What is burnout?

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People who have burnout feel exhausted, empty and, as the name states, "burned out." It is caused by stressful life circumstances. It is important to differentiate between and burnout.

The term “burnout” was coined in the 1970s by the American psychologist Herbert Freudenberger. He used it to describe the consequences of severe stress and high ideals in caregiving professions. Doctors and nurses, for example, who sacrifice themselves for others, would often end up being “burned out” – exhausted, listless, and overwhelmed. Nowadays, the term is not only used for these caregiving professions, or for the dark side of self-sacrifice. It can affect anyone, from stressed-out career-driven people and celebrities to overworked employees and homemakers.

Burnout syndrome is not considered to be a separate disease by medical experts. They rather assume that the symptoms of burnout are related to other mental illnesses, and that they can increase the risk of depression, for instance. There are also very different ideas about what exactly makes up burnout, and how it can be diagnosed.

How does burnout develop?

A stressful lifestyle can put people under extreme pressure, to the point that they feel exhausted, empty, burned out, and overwhelmed. Stress at work can also cause physical and mental symptoms. Possible causes include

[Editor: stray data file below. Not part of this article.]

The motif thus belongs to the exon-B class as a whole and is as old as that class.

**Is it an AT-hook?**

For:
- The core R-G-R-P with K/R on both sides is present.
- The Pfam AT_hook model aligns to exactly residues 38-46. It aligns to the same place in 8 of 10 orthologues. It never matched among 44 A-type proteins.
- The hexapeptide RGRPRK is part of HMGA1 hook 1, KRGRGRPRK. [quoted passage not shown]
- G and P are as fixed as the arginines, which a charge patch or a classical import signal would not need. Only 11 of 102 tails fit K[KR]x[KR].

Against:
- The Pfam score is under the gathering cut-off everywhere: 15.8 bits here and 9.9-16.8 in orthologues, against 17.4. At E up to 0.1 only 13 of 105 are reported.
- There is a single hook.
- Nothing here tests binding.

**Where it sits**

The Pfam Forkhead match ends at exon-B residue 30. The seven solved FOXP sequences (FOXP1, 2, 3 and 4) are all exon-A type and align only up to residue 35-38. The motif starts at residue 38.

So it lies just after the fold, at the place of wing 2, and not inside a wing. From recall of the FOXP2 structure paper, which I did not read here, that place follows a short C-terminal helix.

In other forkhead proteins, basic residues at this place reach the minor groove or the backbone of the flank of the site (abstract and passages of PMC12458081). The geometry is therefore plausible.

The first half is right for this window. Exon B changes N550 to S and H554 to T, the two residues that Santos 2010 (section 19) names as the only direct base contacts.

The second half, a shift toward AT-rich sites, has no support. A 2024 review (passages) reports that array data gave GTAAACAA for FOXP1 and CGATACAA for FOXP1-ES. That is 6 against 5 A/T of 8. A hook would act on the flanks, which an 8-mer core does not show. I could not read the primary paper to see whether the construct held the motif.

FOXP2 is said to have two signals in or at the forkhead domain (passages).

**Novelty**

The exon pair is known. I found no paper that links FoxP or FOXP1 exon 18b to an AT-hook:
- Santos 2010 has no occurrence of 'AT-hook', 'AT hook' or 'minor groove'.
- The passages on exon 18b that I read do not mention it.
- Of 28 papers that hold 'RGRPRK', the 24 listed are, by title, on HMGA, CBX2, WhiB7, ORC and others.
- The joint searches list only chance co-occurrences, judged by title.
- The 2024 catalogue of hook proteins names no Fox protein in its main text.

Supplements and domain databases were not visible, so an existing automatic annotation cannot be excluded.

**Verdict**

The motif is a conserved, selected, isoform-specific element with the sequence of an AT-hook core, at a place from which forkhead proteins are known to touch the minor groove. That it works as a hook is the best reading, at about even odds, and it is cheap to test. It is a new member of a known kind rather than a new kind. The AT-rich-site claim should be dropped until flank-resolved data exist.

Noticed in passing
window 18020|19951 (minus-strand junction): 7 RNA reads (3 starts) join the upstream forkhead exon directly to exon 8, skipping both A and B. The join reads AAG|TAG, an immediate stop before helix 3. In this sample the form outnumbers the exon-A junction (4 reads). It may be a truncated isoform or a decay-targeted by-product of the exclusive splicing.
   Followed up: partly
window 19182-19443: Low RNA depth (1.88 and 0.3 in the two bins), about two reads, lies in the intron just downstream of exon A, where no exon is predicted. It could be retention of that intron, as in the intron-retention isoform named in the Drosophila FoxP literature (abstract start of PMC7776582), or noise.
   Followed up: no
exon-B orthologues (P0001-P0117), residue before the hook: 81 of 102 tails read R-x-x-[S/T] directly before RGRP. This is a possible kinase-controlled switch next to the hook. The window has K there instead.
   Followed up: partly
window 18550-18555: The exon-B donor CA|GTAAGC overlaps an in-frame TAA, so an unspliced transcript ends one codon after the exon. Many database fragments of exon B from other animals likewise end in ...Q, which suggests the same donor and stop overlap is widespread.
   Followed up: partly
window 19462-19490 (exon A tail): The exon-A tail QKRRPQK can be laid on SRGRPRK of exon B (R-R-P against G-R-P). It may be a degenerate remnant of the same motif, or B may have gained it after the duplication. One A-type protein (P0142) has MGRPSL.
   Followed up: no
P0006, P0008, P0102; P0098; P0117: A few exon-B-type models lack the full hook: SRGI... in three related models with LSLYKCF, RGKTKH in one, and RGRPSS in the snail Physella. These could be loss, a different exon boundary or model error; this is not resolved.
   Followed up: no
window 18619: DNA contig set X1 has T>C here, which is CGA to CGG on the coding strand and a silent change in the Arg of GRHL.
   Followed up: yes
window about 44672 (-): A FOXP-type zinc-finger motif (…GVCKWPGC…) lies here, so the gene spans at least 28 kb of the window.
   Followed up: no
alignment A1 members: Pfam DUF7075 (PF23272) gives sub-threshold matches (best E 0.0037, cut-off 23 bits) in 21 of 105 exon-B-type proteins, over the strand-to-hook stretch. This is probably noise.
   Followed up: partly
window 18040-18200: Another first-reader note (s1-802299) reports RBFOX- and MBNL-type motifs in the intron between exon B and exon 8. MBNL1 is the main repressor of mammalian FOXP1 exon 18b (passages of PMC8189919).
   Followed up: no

• feeling either constantly overworked or under-challenged,
  • being under time pressure all the time,
  • having conflicts with colleagues, and
  • extreme commitment that results in people neglecting their own needs.

Problems caused by stress at work are a common reason for taking sick leave. Exhaustion is a perfectly normal reaction to stress. But burnout is more than usual feelings of being stressed. The symptoms are similar to those of other mental health conditions, but there are critical differences.

What are the signs of burnout?

Burnout is typically thought to be caused by work-related or other kinds of stress. The signs of burnout include:

  • Exhaustion: People affected feel drained and emotionally exhausted. They report not having enough energy, being overwhelmed and feeling tired and down. They may also develop physical symptoms like pain and gastrointestinal (stomach or bowel) problems.
  • Alienation from (work-related) activities: People who have burnout find their jobs increasingly stressful and frustrating. They may start being cynical about their working conditions or colleagues. They may increasingly distance themselves emotionally, and start showing less interest in their work.
  • Reduced performance: Burnout mainly affects everyday tasks at work, at home or when caring for family members. People with burnout are very negative about their tasks, find it hard to concentrate, are listless and lack creativity.

Changes in their professional setting can sometime already help with problems at the workplace. More practical help in everyday life situations can reduce strain on people who feel overwhelmed by caring for a family member at home.

How is burnout diagnosed?

Doctors and psychologists often use questionnaires to diagnose burnout. But because there's no generally accepted definition of burnout, it isn’t clear whether questionnaires can actually “measure” burnout and distinguish it from other illnesses. The most common questionnaire is the “Maslach Burnout Inventory” (MBI), which is available for different professional groups. But this questionnaire was originally developed for research purposes, not for use by doctors.